DURING THE EXAM
One of the main aims of the exam is to better understand a patient’s movements and behaviors during sleep. Because of this, before the exam a technician will place a variety of sensors on your body, typically on your head, chest, and legs. While you sleep, many different readings and measurements are taken. These aim to understand a variety of factors, including:
- Heart rate
- Brain waves
- Eye movements
- Body position
- Breathing pattern
- Blood oxygen level
- Snoring or other noise
- Limb movement
- Chest and abdominal movements
The exam ends in the morning when you wake up. A technician will remove all sensors and you will schedule a follow up appointment with the somnologist to discuss the results. Some of the things your physician may discuss include:
- Eye movements and brain waves
- Heart and breathing rate
- Frequent leg and limb movements
- Any other unusual movements or behaviors
At-Home Sleep Tests
Now that we better understand in-lab somnology, let’s compare and contrast it with an at-home sleep test. Notably, one of the biggest differences between a lab test and an at-home test is cost. At-home tests usually cost from 25-40% of a lab test.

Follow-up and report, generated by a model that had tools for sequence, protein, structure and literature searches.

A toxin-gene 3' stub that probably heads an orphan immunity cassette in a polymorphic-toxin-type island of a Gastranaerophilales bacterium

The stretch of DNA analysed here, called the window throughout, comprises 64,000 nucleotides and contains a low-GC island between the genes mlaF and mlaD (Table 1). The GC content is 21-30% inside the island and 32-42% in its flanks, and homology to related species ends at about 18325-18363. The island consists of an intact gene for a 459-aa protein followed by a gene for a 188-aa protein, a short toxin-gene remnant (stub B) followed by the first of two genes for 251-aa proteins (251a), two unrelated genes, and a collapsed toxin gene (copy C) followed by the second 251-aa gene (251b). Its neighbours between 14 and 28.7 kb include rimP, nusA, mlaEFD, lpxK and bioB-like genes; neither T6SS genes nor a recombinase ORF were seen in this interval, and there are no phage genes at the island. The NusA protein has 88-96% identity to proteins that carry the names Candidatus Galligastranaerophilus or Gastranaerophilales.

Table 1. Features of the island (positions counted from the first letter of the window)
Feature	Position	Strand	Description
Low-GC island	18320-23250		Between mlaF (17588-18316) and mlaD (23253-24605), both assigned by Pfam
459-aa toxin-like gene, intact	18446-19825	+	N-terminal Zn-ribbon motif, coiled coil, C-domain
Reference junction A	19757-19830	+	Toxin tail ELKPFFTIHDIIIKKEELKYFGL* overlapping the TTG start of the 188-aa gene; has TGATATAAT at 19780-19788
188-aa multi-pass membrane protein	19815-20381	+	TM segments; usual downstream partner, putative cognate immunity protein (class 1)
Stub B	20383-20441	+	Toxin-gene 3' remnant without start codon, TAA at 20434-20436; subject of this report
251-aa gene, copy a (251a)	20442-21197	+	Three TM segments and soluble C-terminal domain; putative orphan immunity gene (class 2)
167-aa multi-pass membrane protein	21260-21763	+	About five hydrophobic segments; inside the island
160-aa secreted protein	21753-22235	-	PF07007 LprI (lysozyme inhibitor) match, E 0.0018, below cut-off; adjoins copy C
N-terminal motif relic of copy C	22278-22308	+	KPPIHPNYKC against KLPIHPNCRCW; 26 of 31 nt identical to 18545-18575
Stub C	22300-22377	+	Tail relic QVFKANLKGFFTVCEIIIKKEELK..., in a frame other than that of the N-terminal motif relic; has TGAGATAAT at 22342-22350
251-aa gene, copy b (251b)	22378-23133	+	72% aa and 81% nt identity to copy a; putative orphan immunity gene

Before undergoing an at-home sleep exam, your primary care physician will need to prescribe one for you – just like a lab test. There are a variety of reasons that a physician may choose a lab test or an at-home test, but that is outside the scope of this article.
Unlike a laboratory exam, you will likely need to pick up the equipment that will be used during the study. This will almost always involve a continuous positive airway pressure machine (CPAP) as well as a variety of sensors. Prior to the study, a technician will walk you through the correct way to set up and use the equipment.
Similar to a lab exam, you should refrain from any substances which may alter your sleep patterns.
DURING THE EXAM
This is where the at-home and in-lab exams really differ. Most at-home tests involve only a CPAP machine and an oxygen sensor placed on your fingertip. The same level of sensors (on the scalp, chest, etc) are not usually utilized. First, you’ll place the mask over your face (following the technician’s instructions), then place the oxygen sensor on your finger. If the equipment becomes tangled or stops working, you will be responsible for untangling and fixing the problem.
After the exam, the equipment will need to be returned back to facility from which you picked it up. At this time, you’ll typically schedule a follow up appointment, similar to the in-lab exam (unless you had already done that). The somnologist will discuss many of the same things, but the data about brain waves and body movements will obviously be missing.
As we’ve seen, at-home and lab tests vary according to a few key metrics: cost, location, and results. While you, ultimately, have the final say in which exam you will undergo, the discussion should be between you and your healthcare provider.